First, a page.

The results you saw on the T1000 were not at all what I would have expected. The T1000/T2000 servers are the first systems Sun has shipped with *highly*-threaded (32-way) CPUs. I understand that one of the key issues with them is that customers don’t tend to see right out-of-the-box what those servers are capable of because the OS (Solaris, and possibly the Linux distros) don’t yet come pre-configured to take advantage of what the Niagara processor can do. The initial Solaris configuration settings are more appropriate to, say, a dual-threaded (dual-core, single-thread) UltraSPARC IV processor than the 32-thread (8-core, 4-thread) Niagara processor.

    Sun is defintely working to remedy the out-of-the-box OS configuration issue. In the meantime, Sun provides software called “CoolTune” as part of the Cool Tools package that will ask you a few questions and set up all the *right* Solaris configuration parameters for you, for much better performance after that.

    I agree, many of the tools (esp Linux ones) aren’t immediately available on the command line when you see that first Shell prompt. It’s not that they are missing; their directory just isn’t on the default $PATH. Arguably, they should be … but that aside, I think someone else already told you that many of them can be found in /usr/sfw/bin.

    Secondly, did you get any help from Sun’s PAE group to uncover what the issues were? You might have found a significant improvement if they were involved. (I’ve heard that you did have some contact with that group re some other Sun gear you were evaluating)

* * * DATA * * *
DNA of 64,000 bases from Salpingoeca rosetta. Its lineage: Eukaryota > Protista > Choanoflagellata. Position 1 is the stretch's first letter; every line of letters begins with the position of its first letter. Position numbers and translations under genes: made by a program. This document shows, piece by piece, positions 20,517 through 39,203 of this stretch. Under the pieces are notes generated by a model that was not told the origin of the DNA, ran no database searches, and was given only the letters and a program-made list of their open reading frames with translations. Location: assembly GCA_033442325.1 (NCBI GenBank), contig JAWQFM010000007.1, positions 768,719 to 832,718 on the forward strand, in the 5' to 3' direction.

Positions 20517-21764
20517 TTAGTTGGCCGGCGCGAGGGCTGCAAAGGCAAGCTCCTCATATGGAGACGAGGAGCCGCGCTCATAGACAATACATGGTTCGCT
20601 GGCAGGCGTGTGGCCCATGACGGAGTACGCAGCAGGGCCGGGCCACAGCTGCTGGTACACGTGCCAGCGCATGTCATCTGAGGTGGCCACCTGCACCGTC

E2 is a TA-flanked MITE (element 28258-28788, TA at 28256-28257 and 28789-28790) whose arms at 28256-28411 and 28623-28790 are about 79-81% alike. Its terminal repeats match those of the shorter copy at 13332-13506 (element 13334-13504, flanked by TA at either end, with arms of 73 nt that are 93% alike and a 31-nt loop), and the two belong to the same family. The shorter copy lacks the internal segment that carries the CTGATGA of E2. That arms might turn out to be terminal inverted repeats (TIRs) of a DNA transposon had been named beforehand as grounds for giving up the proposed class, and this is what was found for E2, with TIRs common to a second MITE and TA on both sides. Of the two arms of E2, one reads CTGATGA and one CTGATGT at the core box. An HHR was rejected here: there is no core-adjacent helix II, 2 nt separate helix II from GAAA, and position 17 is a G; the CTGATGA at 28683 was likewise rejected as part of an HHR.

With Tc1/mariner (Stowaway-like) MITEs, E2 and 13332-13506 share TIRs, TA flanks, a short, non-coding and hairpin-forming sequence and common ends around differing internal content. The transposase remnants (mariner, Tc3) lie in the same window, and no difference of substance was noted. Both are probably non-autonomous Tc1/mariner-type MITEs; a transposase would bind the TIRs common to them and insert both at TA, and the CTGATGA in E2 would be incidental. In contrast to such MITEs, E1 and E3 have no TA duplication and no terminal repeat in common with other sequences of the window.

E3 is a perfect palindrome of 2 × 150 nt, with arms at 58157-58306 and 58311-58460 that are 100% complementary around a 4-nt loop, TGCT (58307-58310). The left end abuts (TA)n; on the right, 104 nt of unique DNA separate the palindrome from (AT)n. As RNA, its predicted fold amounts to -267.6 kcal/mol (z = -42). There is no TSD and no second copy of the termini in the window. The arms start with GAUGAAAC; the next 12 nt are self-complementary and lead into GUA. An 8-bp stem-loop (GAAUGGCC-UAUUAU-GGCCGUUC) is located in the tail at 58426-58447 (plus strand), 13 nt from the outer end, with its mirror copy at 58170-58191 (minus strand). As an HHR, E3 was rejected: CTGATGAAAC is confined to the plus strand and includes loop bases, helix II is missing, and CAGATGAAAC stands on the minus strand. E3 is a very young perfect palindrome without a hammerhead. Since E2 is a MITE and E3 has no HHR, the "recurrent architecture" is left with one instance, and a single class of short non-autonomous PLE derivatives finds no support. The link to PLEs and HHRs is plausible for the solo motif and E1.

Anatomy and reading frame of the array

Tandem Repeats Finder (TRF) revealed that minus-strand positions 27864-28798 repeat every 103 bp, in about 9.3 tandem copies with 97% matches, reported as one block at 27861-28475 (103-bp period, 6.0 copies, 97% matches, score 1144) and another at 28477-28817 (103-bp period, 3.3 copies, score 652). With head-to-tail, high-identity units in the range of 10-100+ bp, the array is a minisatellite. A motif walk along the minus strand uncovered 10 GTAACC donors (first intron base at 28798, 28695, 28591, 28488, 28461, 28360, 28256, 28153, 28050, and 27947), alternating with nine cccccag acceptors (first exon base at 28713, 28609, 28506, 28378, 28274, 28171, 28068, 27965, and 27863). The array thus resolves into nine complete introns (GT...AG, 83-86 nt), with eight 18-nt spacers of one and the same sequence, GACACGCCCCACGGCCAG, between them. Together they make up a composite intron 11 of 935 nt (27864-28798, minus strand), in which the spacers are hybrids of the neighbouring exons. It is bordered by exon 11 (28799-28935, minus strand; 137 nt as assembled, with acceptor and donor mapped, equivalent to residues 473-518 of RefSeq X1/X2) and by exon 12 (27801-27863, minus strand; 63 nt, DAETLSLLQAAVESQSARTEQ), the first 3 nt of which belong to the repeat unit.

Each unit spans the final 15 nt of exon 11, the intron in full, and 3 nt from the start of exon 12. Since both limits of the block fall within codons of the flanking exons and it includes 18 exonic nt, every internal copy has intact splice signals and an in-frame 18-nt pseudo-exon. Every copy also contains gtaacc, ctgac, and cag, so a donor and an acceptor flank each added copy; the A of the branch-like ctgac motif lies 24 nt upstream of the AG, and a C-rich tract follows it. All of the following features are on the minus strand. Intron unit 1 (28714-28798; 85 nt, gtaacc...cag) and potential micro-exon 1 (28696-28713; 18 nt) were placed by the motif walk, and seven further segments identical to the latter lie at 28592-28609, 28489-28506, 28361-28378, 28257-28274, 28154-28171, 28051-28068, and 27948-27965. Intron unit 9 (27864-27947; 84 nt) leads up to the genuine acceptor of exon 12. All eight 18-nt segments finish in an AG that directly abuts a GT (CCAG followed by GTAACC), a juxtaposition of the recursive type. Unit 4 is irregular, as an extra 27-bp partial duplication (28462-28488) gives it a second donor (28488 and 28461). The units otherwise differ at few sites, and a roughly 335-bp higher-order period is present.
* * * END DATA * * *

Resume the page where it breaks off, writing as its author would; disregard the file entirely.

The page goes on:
I was so jazzed when I heard that SmugMug was considering (and as you announced in another blog, actually chose) Sun gear. Way cool. I suspect you’ll find some other Sun solutions that will be great fits at SmugMug, as time goes on ;-). I’m sure I’m not the first to offer, but if you’re not getting what you need, drop me a line and I’d be happy to help connect you up with the right folks at Sun.

  58. MichaelDZH
    March 28, 2007 at 9:29 pm

    Hi. I find forum about work and travel. Where can I to see it?
    Best Regards, Michael.

  59. October 5, 2007 at 3:59 pm

    Your ignorance is stunning. Or is it just typical Linux-ites’ ‘linux is the best thing since sliced bread’ prejudice against real unices? All that gnu/freeware stuff you were looking for is in /opt/sfw/bin or /usr/sfw/bin, and the equivalent to ‘top’ is ‘prstat’. (you really should keep up with the real unix scene). Now I have a question for you: If linux is so superior to solaris, where is its equivalents to the (absolutely essential) pstack, ptree, psig, pcred, pflags, pldd commands in solaris? 🙂 Awaiting your response. JG

  60. paul
    January 12, 2008 at 7:39 pm

    Rough power consumtion:
    HDD: 10W idle, 20-25W when transfering data
    RAM: 10W _each_ DIMM, no matter what size; i.e. 40 W one bank of four.

    On the one hand, your comparison is more than a joke. How can you be so ignorant and don’t even invest an evening to get the basics of Solaris?
    I’m pretty sure that Solaris on that machine would be _much_ faster at your sweet spot, because the IP stack was lifted up. Plus you get administrative and debugging tools (e.g. DTrace) that you can’t have with Linux.
    On the other hand, you’re right in that “your app is your benchmark”.
    At least you should be aware that you benchmarked the L2 cache throughput. Is this workload really your daily business?

  61. January 12, 2008 at 9:14 pm


    Clearly, you haven’t read through the thread or the follow-up posts. Here’s a brief summary:

    I set up a 2nd T1000 in our datacenter with Solaris on it, so we had one with Solaris and one with Linux. Then I went over to Sun and sat in a room for an entire day with the high-performance computing team and we fiddled with both servers.

    The Linux one outperformed the Solaris one even after all the Sun guys had worked on it. Further, our AMD boxes outperformed both.

    I believe we ran into limitations on network interrupts, rather than anything CPU related, but regardless – this fairly common workload fell down on T1000.

    I believe Niagara2 would perform much better since it has on-board 10GigE NICs, but we haven’t done any testing yet.